The provincial government has introduced legislation that, when passed, will implement a natural gas tax credit for LNG development in B.C., repeal the Liquefied Natural Gas Income Tax Act and repeal the Liquefied Natural Gas Project Agreements Act. During the legislation announcement on Monday, the government said the legislation will “put together the final pieces needed to deliver liquid natural gas (LNG) investment that brings long-term benefits to the province and thousands of good-paying jobs for B.C. workers, while operating within strong environmental protections.” “British Columbians are counting on us to attract LNG investment that meets strict conditions: delivering jobs and financial benefits to B.C., creating economic partnerships with Indigenous peoples, and protecting our clean air, land and water,” Minister of Finance Carole James, said. “This legislation completes the process of creating a fiscal framework that invites investment while supporting those conditions.” According to the government, the legislation will bring together the final fiscal elements of the policy framework for natural gas development set out by Premier John Horgan in 2018. The government has already provided a PST performance payment agreement and has provided industrial electricity rates on par with other industrial users in B.C. The government also said the framework was completed after months of discussion between government, communities, Indigenous peoples and the LNG industry. LNG Canada announced last fall it would go ahead with a $40-billion project in B.C. The development includes a pipeline carrying natural gas from Dawson Creek to a new processing plant on the coast in Kitimat. The government said it is expected to create 10,000 construction jobs and up to 950 permanent jobs in the Kitimat processing terminal. The NDP government also said it will be “the cleanest of its kind in the world” by fitting within the greenhouse gas (GHG) reduction targets of government’s CleanBC climate action plan. Other economic benefits the government has said will be a result of the LNG pipeline include:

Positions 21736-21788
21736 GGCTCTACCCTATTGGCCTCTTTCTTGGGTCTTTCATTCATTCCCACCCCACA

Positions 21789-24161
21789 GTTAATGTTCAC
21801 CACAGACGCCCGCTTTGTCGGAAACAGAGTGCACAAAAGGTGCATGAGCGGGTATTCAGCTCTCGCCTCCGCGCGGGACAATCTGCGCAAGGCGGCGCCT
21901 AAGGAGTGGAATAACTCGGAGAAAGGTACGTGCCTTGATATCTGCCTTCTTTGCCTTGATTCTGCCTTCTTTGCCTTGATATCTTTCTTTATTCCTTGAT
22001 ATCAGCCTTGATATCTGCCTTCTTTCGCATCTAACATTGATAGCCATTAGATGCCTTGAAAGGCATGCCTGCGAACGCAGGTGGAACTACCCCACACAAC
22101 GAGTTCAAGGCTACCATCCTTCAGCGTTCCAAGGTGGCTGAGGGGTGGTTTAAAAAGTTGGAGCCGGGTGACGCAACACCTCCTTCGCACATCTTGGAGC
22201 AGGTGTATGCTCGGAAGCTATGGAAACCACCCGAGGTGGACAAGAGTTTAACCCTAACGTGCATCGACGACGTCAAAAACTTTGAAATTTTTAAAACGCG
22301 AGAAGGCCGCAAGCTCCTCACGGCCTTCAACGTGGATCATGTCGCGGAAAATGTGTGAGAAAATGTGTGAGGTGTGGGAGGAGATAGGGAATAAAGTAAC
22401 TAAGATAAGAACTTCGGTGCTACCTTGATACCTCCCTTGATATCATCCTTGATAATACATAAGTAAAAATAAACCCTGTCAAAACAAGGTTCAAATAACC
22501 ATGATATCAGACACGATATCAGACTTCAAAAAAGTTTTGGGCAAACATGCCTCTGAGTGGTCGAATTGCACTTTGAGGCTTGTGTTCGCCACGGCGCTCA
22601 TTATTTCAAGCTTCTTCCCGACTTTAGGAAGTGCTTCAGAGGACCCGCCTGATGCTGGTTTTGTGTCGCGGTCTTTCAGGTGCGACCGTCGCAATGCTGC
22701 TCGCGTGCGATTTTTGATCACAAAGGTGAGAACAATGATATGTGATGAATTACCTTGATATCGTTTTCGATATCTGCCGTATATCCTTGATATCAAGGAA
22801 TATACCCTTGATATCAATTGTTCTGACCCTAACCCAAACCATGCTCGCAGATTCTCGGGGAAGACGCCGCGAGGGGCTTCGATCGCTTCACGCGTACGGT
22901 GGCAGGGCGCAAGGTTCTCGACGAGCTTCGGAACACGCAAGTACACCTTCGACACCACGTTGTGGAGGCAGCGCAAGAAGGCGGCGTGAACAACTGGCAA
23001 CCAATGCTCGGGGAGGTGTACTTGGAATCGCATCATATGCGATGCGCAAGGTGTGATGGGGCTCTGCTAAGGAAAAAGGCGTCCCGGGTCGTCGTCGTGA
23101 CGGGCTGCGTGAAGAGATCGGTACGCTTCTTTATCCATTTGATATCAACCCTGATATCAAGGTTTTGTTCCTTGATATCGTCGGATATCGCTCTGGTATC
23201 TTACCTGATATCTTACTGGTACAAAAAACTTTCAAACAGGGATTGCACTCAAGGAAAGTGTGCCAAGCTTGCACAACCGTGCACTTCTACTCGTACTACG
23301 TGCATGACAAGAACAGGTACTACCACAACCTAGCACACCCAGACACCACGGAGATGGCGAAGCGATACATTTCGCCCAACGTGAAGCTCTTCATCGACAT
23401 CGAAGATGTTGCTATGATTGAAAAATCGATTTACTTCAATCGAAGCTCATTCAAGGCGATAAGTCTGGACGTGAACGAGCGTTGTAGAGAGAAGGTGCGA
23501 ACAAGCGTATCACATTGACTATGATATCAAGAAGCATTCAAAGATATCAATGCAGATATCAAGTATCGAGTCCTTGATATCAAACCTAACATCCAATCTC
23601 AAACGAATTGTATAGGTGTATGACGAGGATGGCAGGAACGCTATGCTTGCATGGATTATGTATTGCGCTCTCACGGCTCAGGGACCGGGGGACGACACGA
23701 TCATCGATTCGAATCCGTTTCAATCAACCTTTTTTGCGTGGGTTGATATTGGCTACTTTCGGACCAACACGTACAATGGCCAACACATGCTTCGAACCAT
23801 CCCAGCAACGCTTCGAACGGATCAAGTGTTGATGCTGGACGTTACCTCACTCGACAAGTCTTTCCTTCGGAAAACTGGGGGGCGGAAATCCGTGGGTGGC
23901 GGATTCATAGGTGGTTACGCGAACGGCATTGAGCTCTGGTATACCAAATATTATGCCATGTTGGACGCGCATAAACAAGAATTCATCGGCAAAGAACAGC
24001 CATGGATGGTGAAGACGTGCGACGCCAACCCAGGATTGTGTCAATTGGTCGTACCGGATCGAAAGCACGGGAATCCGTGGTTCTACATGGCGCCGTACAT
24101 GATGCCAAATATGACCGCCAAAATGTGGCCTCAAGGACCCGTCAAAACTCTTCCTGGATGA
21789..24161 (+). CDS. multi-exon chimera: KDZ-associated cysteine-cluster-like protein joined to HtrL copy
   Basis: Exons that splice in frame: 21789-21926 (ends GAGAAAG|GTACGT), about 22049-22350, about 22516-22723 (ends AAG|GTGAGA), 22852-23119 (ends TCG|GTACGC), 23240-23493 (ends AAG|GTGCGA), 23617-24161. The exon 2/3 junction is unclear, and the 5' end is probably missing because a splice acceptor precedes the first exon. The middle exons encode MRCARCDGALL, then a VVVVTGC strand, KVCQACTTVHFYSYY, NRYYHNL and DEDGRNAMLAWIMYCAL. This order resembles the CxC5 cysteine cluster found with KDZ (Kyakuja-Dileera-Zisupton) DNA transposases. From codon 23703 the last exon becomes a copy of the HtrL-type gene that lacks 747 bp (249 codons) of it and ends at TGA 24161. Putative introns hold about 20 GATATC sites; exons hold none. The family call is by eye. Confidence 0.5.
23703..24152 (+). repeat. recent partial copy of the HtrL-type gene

- $24 billion of direct private-sector investments in B.C.;
- $23 billion in new government revenues over the life of the project, creating new resources for health care, schools, child care and services for British Columbians; and
- Significant funding for First Nations capacity building, training and education, contracting and employment, and community contributions.